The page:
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The Insider Threat Security Manifesto Beating the threat from within

Ten steps to beating insider threats

We’ve established that insider threats are a serious security concern, one that needs to be higher up on IT professionals’ agendas. However, mitigating the risks is not a simple task.

Nearly 9 out of 10 (86%) of IT professionals told us they did not realise that technology could help solve insider threats, so they seem to understand it as more of a cultural and organisational issue. Which it is, but technology can certainly help mitigate the risks; an optimum strategy should approach the issue from both angles.

This is our manifesto for beating the threat from within.

  1. 1

    Limit or prevent concurrent logins

    In technology terms, this is your first line of defence against password sharing. If users know that giving their password to a colleague means their own network access will be restricted, they will be much less likely to do it. What’s more is that in the event that a rogue user does gain valid credentials that they shouldn’t have, they will be prevented from using them at the same time as the legitimate owner. This means that access to critical assets can be more authoritatively attributed to individual employees, helping to affirm accountability and avoid repudiation issues when there is an internal breach.

  2. 2

    Limit working hours or maximum session time

    Someone looking to gain access to files that they shouldn’t have is likely to do so outside of normal working hours, in order to lessen the risk of being caught. While network access attributed to a user inside of their set working hours is more easily identifiable to that individual.

  3. 3

    Limit users to their own workstation or department

    By limiting users to specific workstations, devices, departments or IP ranges you are effectively reducing the network surface area that is open to any kind of attack. In reducing the number of computers or devices on which a compromised user’s credentials can be used, you are reducing risk.

  4. 4

    Monitor user behaviour in real time

    Once restrictions such as these are in place, monitoring user access should be made easier. Tracking and reporting is only so useful when done in retrospect, so ensure you are monitoring in real time in order to recognise suspicious activity when you are able to respond.

  5. 5

    Recognise and respond to suspicious behaviour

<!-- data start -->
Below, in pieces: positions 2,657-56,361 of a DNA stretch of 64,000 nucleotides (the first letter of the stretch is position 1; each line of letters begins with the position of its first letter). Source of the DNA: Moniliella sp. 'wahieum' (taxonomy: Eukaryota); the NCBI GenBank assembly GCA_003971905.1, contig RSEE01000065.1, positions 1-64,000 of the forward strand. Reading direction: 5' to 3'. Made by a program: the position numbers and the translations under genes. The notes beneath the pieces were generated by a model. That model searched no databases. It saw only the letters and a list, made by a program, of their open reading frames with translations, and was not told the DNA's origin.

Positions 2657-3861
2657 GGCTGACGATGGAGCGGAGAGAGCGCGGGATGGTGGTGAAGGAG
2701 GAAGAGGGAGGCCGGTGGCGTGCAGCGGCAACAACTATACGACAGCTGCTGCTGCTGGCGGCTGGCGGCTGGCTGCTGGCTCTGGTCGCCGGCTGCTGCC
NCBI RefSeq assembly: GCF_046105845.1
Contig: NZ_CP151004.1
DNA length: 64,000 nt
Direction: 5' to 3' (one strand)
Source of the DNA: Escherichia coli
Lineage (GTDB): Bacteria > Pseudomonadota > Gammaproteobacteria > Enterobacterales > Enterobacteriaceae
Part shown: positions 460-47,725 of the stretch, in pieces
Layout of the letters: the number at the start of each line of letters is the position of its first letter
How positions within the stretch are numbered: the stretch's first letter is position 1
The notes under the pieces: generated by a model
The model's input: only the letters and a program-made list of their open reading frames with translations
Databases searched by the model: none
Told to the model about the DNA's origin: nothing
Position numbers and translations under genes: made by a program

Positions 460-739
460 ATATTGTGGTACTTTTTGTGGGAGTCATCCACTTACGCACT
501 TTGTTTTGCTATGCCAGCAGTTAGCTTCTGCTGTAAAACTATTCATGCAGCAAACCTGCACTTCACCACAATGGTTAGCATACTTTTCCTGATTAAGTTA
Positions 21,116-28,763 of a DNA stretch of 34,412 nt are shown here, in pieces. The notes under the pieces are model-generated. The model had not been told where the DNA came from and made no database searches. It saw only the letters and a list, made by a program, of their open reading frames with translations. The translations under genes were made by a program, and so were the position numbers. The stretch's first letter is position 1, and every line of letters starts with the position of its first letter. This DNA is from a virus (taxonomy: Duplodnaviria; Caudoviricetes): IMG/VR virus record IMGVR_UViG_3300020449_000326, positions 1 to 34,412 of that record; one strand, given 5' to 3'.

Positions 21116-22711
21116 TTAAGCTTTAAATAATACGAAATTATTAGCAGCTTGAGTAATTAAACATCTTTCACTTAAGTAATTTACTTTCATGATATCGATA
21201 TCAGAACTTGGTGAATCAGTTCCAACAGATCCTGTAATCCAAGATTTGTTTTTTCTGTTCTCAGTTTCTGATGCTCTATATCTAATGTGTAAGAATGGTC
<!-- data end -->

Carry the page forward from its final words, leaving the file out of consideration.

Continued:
And do respond when you spot suspicious activity. An immediate response should be an integral part of an organisations security policy and risk mitigation strategy. By responding quickly, even if the threat is a false alarm, showing that action is taken swiftly helps to educate users and reduces the risk of malicious insider activity.

  6. 6

    Deactivate computer access following termination

    Former employees are another kind of internal threat, and often are left with their network access open following the termination of employment, when they may be more motivated to access sensitive information. It is crucial that you ensure their accounts are closed swiftly following termination.

  7. 7

    Implement a security policy

    It is great to have technical limitations on passwords and network access, but ensure you have a written policy too. 29% of the IT professionals we surveyed told us they don’t have a security policy at all, which is very worrying. Make sure you have one, and make sure it explains why as well as what your policy is. Be transparent about the risks your policy addresses and if you are in an industry that is subject to regulations then explain in understandable terms what those regulations are and why they’re important.

  8. 8

    Clearly document policies

    Security policies should be clear, accessible to everyone and understood by all in your organisation. 41% of IT professionals said their security policy was included in an employee handbook or manual.

  9. 9

    Consistently remind users of policy

    Including a security policy in a company handbook, located somewhere accessible to all, is great but it is just the first step to ensuring users understand it. We all know that these can get read in an employee’s first week on the job, and then forgotten about. There is also a chance that users who are consistently trying to gain network access outside of restrictions will get frustrated. Remind them why the restrictions are in place, and what they can do instead to get the job they need to do done, like ask for temporary clearance.

    Mentioning contractual or legal implications here also helps highlight the severity of the issue to the user. Technology can help here too; we found that just 12% of the IT professionals we surveyed remind users of security policies with daily prompts. With some security applications it is possible to set up customisable alerts and prompts to ensure users are reminded of security policies in an effective way.

  10. 10

    Work closely with HR and other departments

    We have explained that mitigating insider threats is not just a technological problem. IT is responsible for managing network access, but not generally for managing sensitive employee information; that tends to be the remit of HR. Working closely with other departments may help with educating users on your security policy, HR could include it in the training schedule for instance.

    It also may help in identifying potential internal threats, as HR are much more likely to be aware of issues where employees may be disgruntled, as well as having a closer track on new starters and employee terminations.